Note: This blog post is available as a live and loud version from our shop manager and kick plastic queen Sara Roholt. 

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  • I dig it.

    I’m curious (I’m a DIY guy). Is the cost of buying HH branded re-useable water bottles en-mass so prohibitive that the cost of handing out two to each client for the duration of their time with you is a non-option? That way, when they leave they take the bottles with then and can reuse the water bottle everywhere they go and remember the kick ass time they had with you on the Mo. I don’t really expect an answer I’m jus’ sayin’….

    Keep up the solid work HH.

  • My Own Party
    May 26, 2017 9:36 am

    I like it. I will have our guys bring water bottles this year.

    We will still bring our beer in bottles. We can only take this so far.

  • Carroll Jenkins
    May 26, 2017 9:41 am

    Go John!

  • Carroll Jenkins
    May 26, 2017 9:47 am

    Go SARA ! The most progressive shop manager in Montana!

  • Good call guys….good leadership

  • Good call guys….good leadership

  • Ben Eisinger
    May 26, 2017 10:05 pm

    love it! stick with it John just good karma. Just say no to plastic and bananas? Its guaranteed to help catch more fish and bigger fish. I have been trying for months to find an alternative at my work to plastic water bottles thinking by now someone would produce paper/cardboard water options but no luck. Great invention if your looking to hang the oars up….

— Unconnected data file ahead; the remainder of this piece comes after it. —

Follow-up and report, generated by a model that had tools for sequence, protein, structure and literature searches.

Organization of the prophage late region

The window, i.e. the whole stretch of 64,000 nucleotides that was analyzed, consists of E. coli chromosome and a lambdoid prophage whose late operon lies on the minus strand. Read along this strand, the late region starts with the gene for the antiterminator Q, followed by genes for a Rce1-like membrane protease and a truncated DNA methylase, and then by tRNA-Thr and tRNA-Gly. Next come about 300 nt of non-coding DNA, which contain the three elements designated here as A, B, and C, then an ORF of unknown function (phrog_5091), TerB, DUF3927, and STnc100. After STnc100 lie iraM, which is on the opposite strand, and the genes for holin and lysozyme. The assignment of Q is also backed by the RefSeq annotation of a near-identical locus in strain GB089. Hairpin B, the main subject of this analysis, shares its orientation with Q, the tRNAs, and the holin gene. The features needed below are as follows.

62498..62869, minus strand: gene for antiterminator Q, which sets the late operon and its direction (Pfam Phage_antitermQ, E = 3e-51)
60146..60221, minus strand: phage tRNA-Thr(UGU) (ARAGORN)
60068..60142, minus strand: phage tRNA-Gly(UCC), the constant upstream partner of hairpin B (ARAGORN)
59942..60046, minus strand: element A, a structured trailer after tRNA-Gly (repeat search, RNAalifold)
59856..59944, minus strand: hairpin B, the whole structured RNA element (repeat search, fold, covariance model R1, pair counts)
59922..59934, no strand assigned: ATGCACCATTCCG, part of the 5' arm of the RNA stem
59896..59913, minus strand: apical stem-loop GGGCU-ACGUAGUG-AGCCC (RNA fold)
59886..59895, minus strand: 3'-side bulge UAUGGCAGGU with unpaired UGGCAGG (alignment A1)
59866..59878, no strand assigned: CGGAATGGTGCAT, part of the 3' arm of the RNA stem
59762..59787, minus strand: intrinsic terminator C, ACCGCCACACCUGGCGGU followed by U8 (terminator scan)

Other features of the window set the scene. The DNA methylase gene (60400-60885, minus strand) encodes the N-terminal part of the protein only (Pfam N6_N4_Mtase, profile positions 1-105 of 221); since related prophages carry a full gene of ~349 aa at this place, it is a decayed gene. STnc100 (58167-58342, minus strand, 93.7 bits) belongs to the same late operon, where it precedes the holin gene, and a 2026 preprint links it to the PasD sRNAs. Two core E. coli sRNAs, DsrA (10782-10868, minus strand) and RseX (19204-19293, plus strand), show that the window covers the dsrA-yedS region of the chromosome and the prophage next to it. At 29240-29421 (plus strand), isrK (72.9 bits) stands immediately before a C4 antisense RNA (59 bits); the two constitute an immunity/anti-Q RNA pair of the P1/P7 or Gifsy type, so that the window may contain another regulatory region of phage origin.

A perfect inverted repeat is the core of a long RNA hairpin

• David Bender
    May 27, 2017 6:11 am

    Check out S’well – created for exactly the same green reasons.

  • I saw this in the store the other day. I’ve never tried it so I don’t know if it’s good or crap. Just an idea/alternative:

  • I’m in the “Good for you!” camp. Maybe add it to “list of things to bring” — sunglasses, hat, REUSABLE WATER BOTTLES…

    Or you could run several cases of empty reusable bottles up to McDonald Pass, fill them with that tasty (best water I’ve ever tasted or brewed beer with) spring water, then sell full reusable water bottles of pure Montana spring water (probably laws against selling the water, so just sell the bottle which happens to contain the water).

    Also, a quick diluted iodine soak (Iodophor) can get the sanitizing piece done quickly and effectively, just go light so you don’t stink up the bottles.

  • Yet almost all products that come from Simms, Patagonia, and a various other amounts of vendors in the fly fishing industry come in plastic… Don’t get me wrong, I am hypocritical for buying their products. We all got to look at the bigger picture, plastic water bottles aren’t going to make a difference when you’re throwing away twice the amount of plastic on a monthly basis(during peak season or yearly) from the shop. So where is the reasoning in that?

    • Trying at every juncture my friend. Going to more paper and less plastic at the shop again this year. Details forthcoming. We are trying. Hard to reason tho Ant. And our water bottle reduction does make a difference Ant. Last year we figure over 10K. So put that in your pipe and smoke it! We are looking at the bigger picture. Yup.

  • Awesome! Making a difference in the day to day of a Fly Shop is great. Yet as a fly shop, you all/ the industry should hold the vendors accountable and get them to kick plastic. It seems pretty hypocritical of a company to be promoting a healthy earth, yet everything comes wrapped in plastic? So why can’t the industry change what the companies, that capitalize on us anglers, use for their shipping methods? The big picture is, the thousands of plastic pieces, from jackets, waders, boots, tippets, flies, everything…… that new merchandise comes in. So tell me how your water bottles are really making a difference??